The cries went up. Venezuela - presente! Chile - presente! Bolivia - presente! Haiti - presente! I wanted to shout Pais de Gales (Wales) but refrained. The dignitaries' filed out with Chavez occupying centre stage. As he appeared there was a rapturous ovation and much hand waving. The platform settled down and the composition was interesting. Ken Livingstone was there as the main organiser. Paul Mackney was there in recognition, I presume, of NATFHE's work on Venezuela. Earlier I had seen the Wilkins family outside unable to get into the meeting! Richard Gott was there as the Latin American correspondent for over 30 years of the Guardian. Jeremy Dear, NUJ General Secretary, was also there representing HoV. Andy Goodhall from VSC was there as was a representative from the TUC VIC. At this stage I was beginning to wonder why certain people were up on the platform especially as there was Tariq Ali, the ex-Marxist who in the last election could not bring himself to vote Labour so had become a Liberal for the day. Strange bedfellows!

There were three speakers before Chavez. Ken Livingstone introduced and chaired the session, the speaker from VIC and Jeremy Dear from HoV. And then it was Chavez. For 3 and half hours he spoke without notes and with microphone in hand. From personal anecdotes to an analysis of the world today, from theory to practice, citing his heroes and ideas that he followed, from Jesus Christ (I am a Christian) to Karl Marx (I am a Socialist) with Lenin and Guevara in between. The basic message was that he had tried to find a third way between capitalism and socialism and found that the former offered no solution, so socialism had to be the answer.

What type of socialism was open to debate as the process of social advance deepened. Chavez, however, invited all of the audience to share in this debate and take the message out into the streets to combat the ideas of the mass media. He even suggested that a badge should be worn that declared the wearer to be a socialist in order to engage others in discussion. What was rejected was the dominant economic model of the USA that only meant slavery for the developing world. For Chavez, humanity had two choices - socialism or barbarism.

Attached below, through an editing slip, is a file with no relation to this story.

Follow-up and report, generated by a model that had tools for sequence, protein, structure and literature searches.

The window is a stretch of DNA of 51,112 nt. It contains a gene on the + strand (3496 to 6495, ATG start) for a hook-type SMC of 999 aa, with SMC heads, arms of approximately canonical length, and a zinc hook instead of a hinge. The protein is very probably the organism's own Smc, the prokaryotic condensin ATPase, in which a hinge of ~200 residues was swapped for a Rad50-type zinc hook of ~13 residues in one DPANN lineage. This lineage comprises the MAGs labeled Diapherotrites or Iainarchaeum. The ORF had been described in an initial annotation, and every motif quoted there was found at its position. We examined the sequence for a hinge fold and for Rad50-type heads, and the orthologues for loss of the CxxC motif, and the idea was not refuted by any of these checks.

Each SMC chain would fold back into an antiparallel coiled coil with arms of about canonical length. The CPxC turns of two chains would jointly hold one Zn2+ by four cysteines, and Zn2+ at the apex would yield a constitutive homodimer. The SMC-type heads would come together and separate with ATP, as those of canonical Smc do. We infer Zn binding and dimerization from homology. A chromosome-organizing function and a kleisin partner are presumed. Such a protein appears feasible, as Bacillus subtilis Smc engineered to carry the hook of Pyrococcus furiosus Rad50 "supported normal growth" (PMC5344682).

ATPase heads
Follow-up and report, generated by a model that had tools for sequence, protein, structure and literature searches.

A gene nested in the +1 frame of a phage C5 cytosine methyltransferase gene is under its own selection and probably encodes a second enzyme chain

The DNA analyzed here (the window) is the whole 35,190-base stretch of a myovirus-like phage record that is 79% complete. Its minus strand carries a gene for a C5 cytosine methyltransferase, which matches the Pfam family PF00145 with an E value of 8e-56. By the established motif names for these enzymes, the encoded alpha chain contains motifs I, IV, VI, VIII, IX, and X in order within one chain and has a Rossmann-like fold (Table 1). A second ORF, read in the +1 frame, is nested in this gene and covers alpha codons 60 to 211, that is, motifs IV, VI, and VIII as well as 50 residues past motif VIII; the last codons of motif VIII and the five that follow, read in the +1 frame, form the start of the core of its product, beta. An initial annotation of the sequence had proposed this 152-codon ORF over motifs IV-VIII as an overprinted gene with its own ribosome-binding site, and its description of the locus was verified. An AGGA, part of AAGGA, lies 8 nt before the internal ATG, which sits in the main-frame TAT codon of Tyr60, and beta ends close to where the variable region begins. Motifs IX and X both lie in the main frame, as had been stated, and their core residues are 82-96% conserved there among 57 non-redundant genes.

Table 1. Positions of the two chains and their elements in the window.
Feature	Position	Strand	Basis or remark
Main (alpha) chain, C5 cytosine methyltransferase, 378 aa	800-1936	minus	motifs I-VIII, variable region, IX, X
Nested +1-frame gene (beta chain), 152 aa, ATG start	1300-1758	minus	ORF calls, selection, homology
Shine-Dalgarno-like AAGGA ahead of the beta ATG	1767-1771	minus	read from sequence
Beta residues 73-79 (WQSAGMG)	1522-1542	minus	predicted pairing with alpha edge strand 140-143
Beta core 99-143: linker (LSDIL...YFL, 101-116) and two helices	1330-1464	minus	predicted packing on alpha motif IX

Then, as suddenly as it had begun, it was over. More chanting, singing, hand pressing and hugs. By now it was nearing 9pm and time to hit the motorway as work was on the morrow. It was an exhilarating experience that rejuvenates the heart and soul. Forward with the work on Venezuela. Forward to the NATFHE conference and the debate on Venezuela.

The following day, however, the press and the media in Britain had a field day castigating Chavez for taking action against foreign companies in order to boost the income of the government to enable it to carry out its social programmes. The Convenor of HoV has written to the Press Council complaining of the bile that emanated from the Daily Mail. Other papers weren't quite as bad, but none were neutral or favourable. 

For those who are interested, it is worthwhile clicking on to venezuelanalysis.com for an analysis of how the media treats Chavez.

Thanks to the West Midlands Regional Committee for supporting the trip down. If the chance comes again to see the man in the flesh, I would recommend it to everyone.

Darrall Cozens, NATFHE Regional Committee and Hands off Venezuela Committee